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Godrevy Lighthouse

St Ives, Cornwall

Location Guide

The Godrevy Lighthouse on Godrevy Island from Godrevy Point at low tide.

Picture from Geograph

Godrevy Island is located 3 miles across St Ives Bay, where rugged cliffs rise from the sea.  A dangerous reef extends outwards towards St Ives, called the Stones and on this many vessels have come to grief. Godrevy island is the largest of the stones.

Although the island is close to the mainland, it is open to the full force of Atlantic gales. In springtime, carpets of brightly coloured primroses, sea thrift and heather bring beauty to the scene, Gulls, oyster-catchers and pipits make their homes on the island, which is partly covered with grass, as it slopes down to the sea.

There had been many requests for a light over the years but nothing occurred until a major disaster focused attention in this area. On 30th November 1854, the iron screw steamer, the NILE, was totally wrecked with the loss of all passengers and crew, and under public and mercantile pressure, Trinity House finally decided to erect a lighthouse in 1859. James Walker designed the station, and its welcome light shone out on 1st March the same year. Two keepers were originally appointed to the lighthouse and they maintained the two lights, one a bright flashing white every 10 seconds, and the other fixed red, which marked the Stones Rocks. Their range was 17 and 15 miles respectively.

The white octagonal tower, 26 metres high, is made from rubble stone bedded in mortar, and is sited together with its adjoining keepers' cottages almost in the centre of the largest of the rocks. The cost of the station was 7,082 15s 7d. The original optic revolved on rollers on a circular race and was driven by a clockwork motor. This motor was in turn driven by a large weight running down a cavity in the wall of the tower. The station was also equipped with a 3cwt bell as a Fog signal, and this was struck once every 5 seconds.

The lighthouse was altered in 1939, when a new 2nd order fixed catadioptric lens was installed, together with an acetylene burner. The fog bell was also removed, the keepers withdrawn and the lighthouse made automatic. Finally Godrevy Lighthouse was modernised in 1995 when it was converted to solar powered operation. The lighthouse is now monitored and controlled from the Trinity House Operations Control Centre at Harwich in Essex.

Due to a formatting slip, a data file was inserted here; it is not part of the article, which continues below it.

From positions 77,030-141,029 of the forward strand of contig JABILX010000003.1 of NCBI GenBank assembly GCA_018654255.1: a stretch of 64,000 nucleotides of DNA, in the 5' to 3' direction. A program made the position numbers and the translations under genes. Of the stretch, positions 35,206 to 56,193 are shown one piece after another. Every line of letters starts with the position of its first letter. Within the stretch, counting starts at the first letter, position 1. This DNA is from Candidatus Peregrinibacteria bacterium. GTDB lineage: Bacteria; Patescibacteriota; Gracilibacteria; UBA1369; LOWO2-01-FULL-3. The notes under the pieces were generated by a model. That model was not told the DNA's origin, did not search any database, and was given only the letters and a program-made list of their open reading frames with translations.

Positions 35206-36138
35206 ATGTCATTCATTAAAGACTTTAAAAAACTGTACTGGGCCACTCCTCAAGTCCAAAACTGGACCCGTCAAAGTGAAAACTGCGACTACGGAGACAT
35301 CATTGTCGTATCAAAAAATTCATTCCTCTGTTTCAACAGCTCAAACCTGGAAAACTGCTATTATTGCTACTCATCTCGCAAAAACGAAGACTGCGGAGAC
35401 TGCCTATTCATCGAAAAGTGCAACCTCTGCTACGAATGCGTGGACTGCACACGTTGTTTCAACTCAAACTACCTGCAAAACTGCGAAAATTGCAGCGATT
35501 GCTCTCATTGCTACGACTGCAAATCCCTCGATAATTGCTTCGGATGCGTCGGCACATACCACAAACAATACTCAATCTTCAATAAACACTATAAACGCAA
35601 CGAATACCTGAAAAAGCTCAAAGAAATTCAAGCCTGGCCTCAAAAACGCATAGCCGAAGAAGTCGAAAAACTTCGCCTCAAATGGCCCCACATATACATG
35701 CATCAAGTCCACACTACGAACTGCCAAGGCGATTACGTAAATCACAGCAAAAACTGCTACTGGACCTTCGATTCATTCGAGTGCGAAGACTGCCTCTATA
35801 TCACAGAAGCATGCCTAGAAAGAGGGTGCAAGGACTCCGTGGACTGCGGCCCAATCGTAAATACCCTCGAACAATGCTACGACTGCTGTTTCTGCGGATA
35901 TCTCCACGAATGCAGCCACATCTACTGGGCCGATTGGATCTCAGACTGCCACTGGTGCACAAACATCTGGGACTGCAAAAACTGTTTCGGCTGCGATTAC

Photo from Flickr

Photo by Tony Atkins

Old Photochrome postcard probably before 1920.
It does not appear to have changed very much since it was built.

The author, Virginia Woolf, spent holidays at Talland House in St Ives, and her view of this lighthouse inspired the writing of her most famous work, 'To The Lighthouse'. In January 2005, there were plans to put up a building that would have blocked this view, but the land was then bought and donated to the Truro's Hall for Cornwall, a local theatre organization. In 2009 the Hall placed the land for sale, but the buyer must maintain public access to the lighthouse.

Trinity House announced plans to deactivate the light, but in August 2005 it decided to keep it going at a lower power in the face of widespread protests. This came in part about through proposals to build on access land, which was later overcome, mentioned above.


Lighthouse information Grid

Name:

Godrevy Lighthouse, St Ives, Cornwall

Current status:

Currently in use

Geographic Position:

50 14'.5 N 05 23'.9 W

Grid Reference:

SW580431

Ceremonial County:

Cornwall

Appearance:

octagonal stone tower, painted white, sitting inside a small island.

Map Link:

maps       StreetMap 

Aerial photo:

Google satellite view

Other photos:

Geograph

Originally built:

1858

Current lighthouse built:

 

Height of Tower:

26m

Height of light above mean high sea level:

37m

Character of light:

1 White & Red Flash Every 10 Seconds

Character of fog signal:

The station was also equipped with a 3cwt bell as a Fog signal, and this was struck once every 5 seconds. I don't think this is now used.

Range of light:

White Sector 12 nautical miles, Red Sector 9 nautical miles

Owned / run by:

Trinity House

Getting there:

Accessible only by boat

Access:

Site open, tower closed.

Good views from the South West Coastal Path

Website:

TH 

Other Useful Websites:

Wiki  LD

Routes:  
Other Relevant pages:

For more articles, lists and other information see the Lighthouses Section

Lighthouse Map of England and Wales

Featured List of Lighthouses - England and Wales  

List of Minor Lighthouses and Lights - England and Wales

South West Coastal Path

Notes:

 

Please let us know any other information that we can add to the Grid or page and any errors that you discover. Before making a long trip to any location it is always wise to double check the current information, websites like magazines may be correct at the time the information is written, but things change and it is of course impossible to double check all entries on a regular basis. If you have any good photographs that you feel would improve the illustration of this page then please let us have copies. In referring to this page it is helpful if you quote both the Page Ref and Topic or Section references from the Grid below. To print the planning grid select it then right click and print the selected area.

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By: Keith Park   Section:  Lighthouses Section Key:
Page Ref: Godrevy_Lighthouse Topic: Lighthouses Last Updated: 01/2012

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